This drawing wasn’t the first one to spur up the conversation about the effect our thinking process has on the way we perceive the world. The famous duck-rabbit dilemma presented by American psychologist Joseph Jastrow in 1899, provided starting point for the research on the topic.

            Before reading any further, stop and look at the drawing.

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            What do you see? A duck or a rabbit? Can you easily find the other animal? Can you switch from one perspective to the other with ease, or does it take some effort?

            duck or rabbit

              For this drawing, there is not a wrong or right guess, (even though most people guess duck first) it is rather a question of the ability to quickly switch from one perception to the other.

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              All of these features count when determining if you are a highly or average creative person. According to the research Richard Wiseman did with a group of fellow psychologists at the University of Edinburgh, creative people actually perceive the world differently, as they are more able to see things from many different angles.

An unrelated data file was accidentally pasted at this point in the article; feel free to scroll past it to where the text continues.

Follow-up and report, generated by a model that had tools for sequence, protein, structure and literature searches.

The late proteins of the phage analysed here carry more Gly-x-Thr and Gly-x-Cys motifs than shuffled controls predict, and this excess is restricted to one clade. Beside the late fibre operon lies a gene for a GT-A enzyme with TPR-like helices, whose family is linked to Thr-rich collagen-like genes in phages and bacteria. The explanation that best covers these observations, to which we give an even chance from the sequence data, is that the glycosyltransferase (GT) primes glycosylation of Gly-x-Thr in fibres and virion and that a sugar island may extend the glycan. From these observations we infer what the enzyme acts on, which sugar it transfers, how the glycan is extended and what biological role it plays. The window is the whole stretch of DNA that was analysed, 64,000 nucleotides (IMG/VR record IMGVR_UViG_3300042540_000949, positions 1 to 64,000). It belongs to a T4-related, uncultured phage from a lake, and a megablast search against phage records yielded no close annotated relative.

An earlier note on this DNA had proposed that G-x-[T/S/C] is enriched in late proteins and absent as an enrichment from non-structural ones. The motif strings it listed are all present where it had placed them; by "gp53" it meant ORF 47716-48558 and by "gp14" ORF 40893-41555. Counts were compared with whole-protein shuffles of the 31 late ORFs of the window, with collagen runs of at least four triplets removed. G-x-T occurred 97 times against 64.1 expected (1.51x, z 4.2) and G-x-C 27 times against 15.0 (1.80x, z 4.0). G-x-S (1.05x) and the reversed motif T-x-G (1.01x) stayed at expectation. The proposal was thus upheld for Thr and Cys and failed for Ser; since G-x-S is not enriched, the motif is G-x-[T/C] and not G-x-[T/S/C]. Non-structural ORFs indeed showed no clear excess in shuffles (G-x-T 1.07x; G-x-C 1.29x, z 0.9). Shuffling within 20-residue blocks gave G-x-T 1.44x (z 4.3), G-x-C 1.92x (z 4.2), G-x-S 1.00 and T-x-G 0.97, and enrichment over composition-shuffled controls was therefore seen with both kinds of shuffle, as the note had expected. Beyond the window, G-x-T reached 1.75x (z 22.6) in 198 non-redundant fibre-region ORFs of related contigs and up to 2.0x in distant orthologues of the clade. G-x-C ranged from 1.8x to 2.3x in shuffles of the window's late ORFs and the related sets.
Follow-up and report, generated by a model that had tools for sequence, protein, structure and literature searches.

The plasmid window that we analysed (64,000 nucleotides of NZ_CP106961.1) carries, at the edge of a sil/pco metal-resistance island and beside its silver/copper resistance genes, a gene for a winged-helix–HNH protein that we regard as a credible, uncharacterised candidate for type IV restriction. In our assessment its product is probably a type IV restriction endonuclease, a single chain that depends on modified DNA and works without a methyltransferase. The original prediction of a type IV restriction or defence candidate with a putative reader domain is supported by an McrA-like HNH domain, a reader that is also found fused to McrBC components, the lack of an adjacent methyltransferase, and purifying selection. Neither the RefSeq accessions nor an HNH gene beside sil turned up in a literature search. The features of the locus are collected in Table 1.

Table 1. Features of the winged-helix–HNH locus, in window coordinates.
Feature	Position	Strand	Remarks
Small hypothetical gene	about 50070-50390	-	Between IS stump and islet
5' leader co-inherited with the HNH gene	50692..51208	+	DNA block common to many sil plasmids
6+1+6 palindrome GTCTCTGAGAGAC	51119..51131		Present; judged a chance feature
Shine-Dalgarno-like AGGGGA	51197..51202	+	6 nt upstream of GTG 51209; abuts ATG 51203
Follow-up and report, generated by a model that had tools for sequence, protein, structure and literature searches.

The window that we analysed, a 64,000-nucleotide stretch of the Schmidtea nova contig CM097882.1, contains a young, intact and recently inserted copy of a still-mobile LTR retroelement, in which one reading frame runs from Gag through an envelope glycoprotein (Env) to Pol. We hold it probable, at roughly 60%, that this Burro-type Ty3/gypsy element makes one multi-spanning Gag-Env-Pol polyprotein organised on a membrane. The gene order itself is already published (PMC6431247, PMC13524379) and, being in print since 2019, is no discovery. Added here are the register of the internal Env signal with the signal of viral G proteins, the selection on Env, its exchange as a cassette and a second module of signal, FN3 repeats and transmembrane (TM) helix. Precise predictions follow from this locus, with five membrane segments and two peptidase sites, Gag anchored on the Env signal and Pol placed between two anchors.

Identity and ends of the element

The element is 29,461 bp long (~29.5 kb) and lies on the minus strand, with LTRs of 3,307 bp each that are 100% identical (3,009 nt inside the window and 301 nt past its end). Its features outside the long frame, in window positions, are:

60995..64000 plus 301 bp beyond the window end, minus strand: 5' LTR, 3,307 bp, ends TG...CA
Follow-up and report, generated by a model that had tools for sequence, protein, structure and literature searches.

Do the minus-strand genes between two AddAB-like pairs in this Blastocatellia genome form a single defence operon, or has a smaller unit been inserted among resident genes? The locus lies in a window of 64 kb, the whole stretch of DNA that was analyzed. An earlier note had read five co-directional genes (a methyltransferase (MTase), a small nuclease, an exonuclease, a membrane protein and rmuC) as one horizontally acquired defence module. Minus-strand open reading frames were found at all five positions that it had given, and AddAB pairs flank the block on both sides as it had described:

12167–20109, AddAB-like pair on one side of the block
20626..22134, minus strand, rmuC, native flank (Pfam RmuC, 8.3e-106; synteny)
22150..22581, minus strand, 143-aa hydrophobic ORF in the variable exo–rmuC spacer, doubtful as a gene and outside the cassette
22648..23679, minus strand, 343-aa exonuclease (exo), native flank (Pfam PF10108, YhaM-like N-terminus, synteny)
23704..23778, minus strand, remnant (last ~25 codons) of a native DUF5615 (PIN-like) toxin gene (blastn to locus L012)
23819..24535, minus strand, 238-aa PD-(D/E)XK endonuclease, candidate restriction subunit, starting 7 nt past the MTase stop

Using the duck-rabbit drawing, the participants had to answer questions not much different than the ones above. Additionally, they were asked to list as many unusual usages for given every-day objects in a short amount of time. The results were clear: people who could effortlessly switch from one perception to another, also did much better in assigning new purpose to known objects.

              It is a much known trait of creative people to easily think of alternative ways and to find connection between two apparently unrelated concepts. Their brains are just that much faster when working on interpreting different aspects of a concept. Therefore, the results prove that there is a difference to how highly creative people perceive the world as opposed to average creative ones.

              Finally, if it wasn’t for creative geniuses and their ability to see things from many different perspectives, we would have been deprived of the many discoveries and innovations that helped shape the world as we know it.